Katharine McMahon's novel, set in the 1920s, is inspired by the story of the Cottingley Fairies – a hoax perpetrated by two country girls who claimed to have taken photographs of fairies in a wood. What interests McMahon most is not the veracity of the pictures, but their date: 1917, the middle of the First World War. Violence and suffering forms the backdrop to her novel.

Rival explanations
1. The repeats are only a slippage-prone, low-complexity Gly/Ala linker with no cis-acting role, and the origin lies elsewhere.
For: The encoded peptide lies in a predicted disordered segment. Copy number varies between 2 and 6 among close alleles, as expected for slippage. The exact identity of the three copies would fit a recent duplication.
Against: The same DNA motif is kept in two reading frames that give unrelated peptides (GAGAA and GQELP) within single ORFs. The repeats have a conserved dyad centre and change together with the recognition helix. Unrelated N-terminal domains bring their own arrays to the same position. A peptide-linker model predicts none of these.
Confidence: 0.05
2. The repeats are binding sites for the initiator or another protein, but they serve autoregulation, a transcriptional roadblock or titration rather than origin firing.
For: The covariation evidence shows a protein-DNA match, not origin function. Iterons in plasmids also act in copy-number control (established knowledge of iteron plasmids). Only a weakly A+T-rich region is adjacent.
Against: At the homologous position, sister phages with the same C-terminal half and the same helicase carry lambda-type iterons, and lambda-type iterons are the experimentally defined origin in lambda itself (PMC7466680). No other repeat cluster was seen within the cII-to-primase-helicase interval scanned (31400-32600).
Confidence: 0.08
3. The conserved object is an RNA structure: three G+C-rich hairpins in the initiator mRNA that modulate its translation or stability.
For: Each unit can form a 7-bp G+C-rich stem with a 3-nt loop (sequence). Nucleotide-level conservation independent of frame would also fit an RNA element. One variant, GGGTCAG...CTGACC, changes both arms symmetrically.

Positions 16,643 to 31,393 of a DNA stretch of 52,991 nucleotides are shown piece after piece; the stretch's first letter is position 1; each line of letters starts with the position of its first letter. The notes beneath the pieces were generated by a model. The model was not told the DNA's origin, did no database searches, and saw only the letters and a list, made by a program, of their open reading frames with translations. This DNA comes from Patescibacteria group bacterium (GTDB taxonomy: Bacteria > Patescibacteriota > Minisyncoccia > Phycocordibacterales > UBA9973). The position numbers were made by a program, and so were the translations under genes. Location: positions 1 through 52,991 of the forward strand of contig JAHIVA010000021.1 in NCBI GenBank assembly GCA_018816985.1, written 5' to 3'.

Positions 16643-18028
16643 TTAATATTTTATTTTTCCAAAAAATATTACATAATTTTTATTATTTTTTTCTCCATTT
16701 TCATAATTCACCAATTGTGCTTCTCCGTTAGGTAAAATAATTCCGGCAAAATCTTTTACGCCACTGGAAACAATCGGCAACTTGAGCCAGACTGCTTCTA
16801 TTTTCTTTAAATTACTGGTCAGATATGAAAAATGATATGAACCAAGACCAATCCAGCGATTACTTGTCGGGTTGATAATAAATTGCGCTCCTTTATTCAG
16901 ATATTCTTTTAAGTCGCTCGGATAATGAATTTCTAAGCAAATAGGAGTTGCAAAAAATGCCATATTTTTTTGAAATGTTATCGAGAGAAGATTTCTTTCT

Sophia has lost her brother in the war, and her mother has abandoned her father for the suffrage movement. She returns to a village where she spent a childhood summer, because her dreamy-eyed, lonely cousin, Helen, who saw fairies, bequeathed her diaries to Sophia's mother's friend, Eleanor, who has since passed away, and bequeathed the diaries to Sophia. Sophia sparks bad feeling, as she tries to find out the truth of her cousin's visions. And if this sounds confusing, that's because it is. I was never sure why a girl would give her diaries to an older woman, or why she would pass them on to another girl. An interesting premise that fails, sadly, in the execution.